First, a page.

Just because something doesn’t do what you planned it to do doesn’t mean it’s useless.
Thomas A. Edison
In mediation, you often have to take risks with regards to strategies that will work. Not all strategies will work. Sometimes, the parties will feel as if it was a waste of time to go down a certain path. You have to have confidence in yourself and your strategies. In addition, just because one tactic didn’t work, doesn’t mean it didn’t serve a purpose.
Recently, I mediated a case where it was clear from about two hours that the multiple defendants needed to work out their issues of allocation of the settlement amount before the case could be settled. I informed the defendants of this dilemma and then suggested to work out “hypothetically” to see if we could work with a number from the plaintiff. Until the allocation was decided, no number could have been negotiated since each side refused to put up any money until it knew what portion it would pay for the entire settlement.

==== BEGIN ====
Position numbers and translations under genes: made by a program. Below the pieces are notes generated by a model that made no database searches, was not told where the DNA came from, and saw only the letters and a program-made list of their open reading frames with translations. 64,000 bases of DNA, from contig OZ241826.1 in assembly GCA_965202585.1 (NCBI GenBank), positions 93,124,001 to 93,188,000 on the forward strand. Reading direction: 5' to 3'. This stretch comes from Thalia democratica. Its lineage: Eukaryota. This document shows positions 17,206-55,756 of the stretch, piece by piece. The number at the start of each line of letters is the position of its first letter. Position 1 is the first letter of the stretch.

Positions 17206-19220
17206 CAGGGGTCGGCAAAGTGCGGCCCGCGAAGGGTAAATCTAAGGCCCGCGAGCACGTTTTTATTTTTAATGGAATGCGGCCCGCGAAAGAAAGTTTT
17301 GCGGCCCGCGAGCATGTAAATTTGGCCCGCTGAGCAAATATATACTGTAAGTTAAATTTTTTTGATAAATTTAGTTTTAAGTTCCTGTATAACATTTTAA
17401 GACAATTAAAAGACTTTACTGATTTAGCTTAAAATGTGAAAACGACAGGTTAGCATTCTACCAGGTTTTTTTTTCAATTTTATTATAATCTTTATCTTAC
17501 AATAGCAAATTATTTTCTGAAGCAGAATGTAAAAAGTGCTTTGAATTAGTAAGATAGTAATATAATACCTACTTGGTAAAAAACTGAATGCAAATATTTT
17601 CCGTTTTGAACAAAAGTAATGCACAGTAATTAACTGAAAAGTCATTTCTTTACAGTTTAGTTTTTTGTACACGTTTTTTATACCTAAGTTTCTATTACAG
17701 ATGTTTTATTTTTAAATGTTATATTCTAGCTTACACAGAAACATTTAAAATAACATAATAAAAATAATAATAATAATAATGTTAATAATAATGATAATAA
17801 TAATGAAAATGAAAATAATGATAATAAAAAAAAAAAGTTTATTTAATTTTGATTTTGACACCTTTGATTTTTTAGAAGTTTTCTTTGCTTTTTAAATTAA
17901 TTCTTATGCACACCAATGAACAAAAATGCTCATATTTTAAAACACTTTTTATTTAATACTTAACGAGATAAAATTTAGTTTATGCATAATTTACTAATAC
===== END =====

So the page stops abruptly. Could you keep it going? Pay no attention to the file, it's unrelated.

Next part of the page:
We then proceeded to work towards a number that was acceptable to the plaintiff “hypothetically.” At the end of another long four hours, the plaintiff agreed to a number – which was fair for plaintiff and a pretty good deal to be divided by two defendants. Still, the defendants refused to put up any money on the grounds that they couldn’t allocate the number. It seemed like a failure.
However, a month later, that settlement amount formed the basis of the settlement which involved both defendants. Just because the strategy doesn’t do what you planned it to do, doesn’t mean it is useless.
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